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Jon Peltier

Have you discussed your analysis (a very good one, by the way) with HLDI?

Will they ever discuss it?


Are the spikes on either side of the MN texting ban (in August) just the cyclical increase of accidents during winter? The states in the first graph don't have much of a winter spike because they mostly don't get snow/ice (except in the mountains), right?

Tom West

UltraNurd makes a good point. Daily, weekly or monthly crash rates are far to prone to cycical variations. A moving annual average would be far more useful.

The real message seems to be "text bans don't stop peopel texting". The main practical upshot is that if you are involved in a collision while texting, your insurance company may decide you were driving illegally, and make you pay.

Joe Lotz

UltraNerd is exactly right. This is where comparing teh trends between the non-banned and banned states are important, as Kaiser suggests. These spikes could (and probably) are cyclical affects, like snow season, Christmas/New Year holiday season.

The sensationalism of their conclusion is pathetic. "...what they MIGHT have been doing was moving their phones down..."

Further more, what they MIGHT have been doing were math problems causing aliens to destract them resulting in accidents. The conclusion? Math is dangerous and should never be taught!!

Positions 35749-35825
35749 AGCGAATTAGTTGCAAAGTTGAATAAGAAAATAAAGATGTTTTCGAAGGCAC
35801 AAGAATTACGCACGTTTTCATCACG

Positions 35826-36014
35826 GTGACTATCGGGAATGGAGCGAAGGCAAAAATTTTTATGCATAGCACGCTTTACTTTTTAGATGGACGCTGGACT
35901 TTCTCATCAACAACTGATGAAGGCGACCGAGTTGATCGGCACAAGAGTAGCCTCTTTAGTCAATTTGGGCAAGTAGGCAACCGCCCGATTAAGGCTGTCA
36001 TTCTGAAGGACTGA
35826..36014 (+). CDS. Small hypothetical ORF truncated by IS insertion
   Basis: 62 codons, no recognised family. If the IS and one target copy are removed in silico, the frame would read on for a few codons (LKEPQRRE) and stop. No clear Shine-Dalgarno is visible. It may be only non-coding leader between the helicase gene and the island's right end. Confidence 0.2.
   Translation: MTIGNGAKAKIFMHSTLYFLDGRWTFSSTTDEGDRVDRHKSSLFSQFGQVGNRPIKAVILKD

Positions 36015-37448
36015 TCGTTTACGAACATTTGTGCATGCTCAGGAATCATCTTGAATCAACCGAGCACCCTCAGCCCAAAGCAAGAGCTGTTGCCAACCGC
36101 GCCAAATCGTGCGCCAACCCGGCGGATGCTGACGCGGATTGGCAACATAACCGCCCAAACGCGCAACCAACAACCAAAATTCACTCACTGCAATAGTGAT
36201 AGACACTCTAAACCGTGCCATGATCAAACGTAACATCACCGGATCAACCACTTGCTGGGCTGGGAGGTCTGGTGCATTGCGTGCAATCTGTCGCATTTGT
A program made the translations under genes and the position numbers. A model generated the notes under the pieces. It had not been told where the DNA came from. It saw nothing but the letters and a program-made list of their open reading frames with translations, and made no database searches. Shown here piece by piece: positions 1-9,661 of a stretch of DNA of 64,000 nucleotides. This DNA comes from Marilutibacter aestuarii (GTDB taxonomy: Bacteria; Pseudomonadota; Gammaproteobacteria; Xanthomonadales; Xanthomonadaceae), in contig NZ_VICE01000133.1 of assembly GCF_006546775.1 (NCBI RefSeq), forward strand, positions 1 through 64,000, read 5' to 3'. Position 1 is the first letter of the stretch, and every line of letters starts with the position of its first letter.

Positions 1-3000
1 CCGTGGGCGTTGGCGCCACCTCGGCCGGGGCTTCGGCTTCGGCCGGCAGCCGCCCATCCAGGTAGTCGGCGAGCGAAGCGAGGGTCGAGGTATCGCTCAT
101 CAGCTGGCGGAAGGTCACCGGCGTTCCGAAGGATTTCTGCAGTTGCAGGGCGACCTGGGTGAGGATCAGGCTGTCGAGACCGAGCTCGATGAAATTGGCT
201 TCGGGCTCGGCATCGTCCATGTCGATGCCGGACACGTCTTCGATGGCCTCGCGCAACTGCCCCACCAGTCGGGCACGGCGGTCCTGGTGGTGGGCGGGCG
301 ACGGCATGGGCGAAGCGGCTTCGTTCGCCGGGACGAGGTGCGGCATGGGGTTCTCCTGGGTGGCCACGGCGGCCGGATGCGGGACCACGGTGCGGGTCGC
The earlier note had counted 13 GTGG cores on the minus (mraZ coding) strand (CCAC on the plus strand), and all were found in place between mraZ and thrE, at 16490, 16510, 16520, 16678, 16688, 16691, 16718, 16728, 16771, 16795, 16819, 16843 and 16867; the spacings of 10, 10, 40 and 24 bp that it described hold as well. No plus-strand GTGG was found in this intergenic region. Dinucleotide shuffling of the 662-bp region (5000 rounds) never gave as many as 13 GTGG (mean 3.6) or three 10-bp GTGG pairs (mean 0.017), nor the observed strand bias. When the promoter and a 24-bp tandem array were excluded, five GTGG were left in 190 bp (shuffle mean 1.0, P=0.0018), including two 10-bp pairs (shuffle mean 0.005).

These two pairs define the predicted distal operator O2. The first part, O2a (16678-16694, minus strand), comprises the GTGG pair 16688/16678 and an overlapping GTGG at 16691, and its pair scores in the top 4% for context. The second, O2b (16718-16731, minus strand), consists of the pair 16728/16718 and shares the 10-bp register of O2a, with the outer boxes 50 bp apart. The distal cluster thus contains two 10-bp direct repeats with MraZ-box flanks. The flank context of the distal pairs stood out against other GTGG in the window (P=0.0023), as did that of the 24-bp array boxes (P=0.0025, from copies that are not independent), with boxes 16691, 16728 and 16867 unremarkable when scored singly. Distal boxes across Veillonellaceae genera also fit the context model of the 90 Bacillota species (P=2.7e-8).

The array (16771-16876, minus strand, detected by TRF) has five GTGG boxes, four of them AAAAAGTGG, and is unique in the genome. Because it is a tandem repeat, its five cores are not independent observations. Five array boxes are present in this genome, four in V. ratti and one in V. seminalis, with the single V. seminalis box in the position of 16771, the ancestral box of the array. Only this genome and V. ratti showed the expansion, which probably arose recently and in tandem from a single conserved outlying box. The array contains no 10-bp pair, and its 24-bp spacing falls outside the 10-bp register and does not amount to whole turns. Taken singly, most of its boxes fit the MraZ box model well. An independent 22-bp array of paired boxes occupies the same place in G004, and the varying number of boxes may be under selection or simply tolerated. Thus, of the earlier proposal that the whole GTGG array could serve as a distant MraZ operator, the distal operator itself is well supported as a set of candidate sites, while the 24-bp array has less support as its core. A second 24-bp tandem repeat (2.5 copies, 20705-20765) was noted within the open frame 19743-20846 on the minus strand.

Nice Ultranurd. Great write up! Perhaps behavior will change as the rules are enforced. It's like trying to stop me from biting my finger nails! AGH


Jon: unfortunately I don't have the time to contact HLDI or any of the other organizations featured on the blog. It would be nice if they would correct their press release though.

UltraNurd and others: if your suggestion is true, then their choice of states to compare against each other is flawed!


Another potential issue with the analysis could be that a large percentage of the people most likely to comply with the ban on texting had already stopped texting prior to the ban taking effect. Being aware of the upcoming ban and the reasons behind it, it seems reasonable to suppose many would have chosen to self-implement prior to the legal requirement. The numbers presented during the discussion indicating a roughly 3-fold increase in accident rate while texting are quite compelling.

David Norman

Hi, Kaiser,
Reading your blog from the first post, so though this is way after the post date, it's still new to me.

Just wanted to chime in that I disagree that:
"When they state the claim "texting bans don't reduce crashes", it sends the message that despite drivers not texting while driving, accidents remain as frequent as before. That's absolutely not what the research is saying."

While one can infer that the statement means: "Texting bans, when perfect, enforced, and followed, do not reduce crahes" the simple fact is the statement is "Texting bans don't reduce crashes" and that means nothing more than "Implementing a law banning texting doesn't reduce crahses." The reason for the non-reduction, especially non-compliance, is not inferable, and the statement remains very true.

Great blog, by the way!

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Kaiser Fung. Business analytics and data visualization expert. Author and Speaker.
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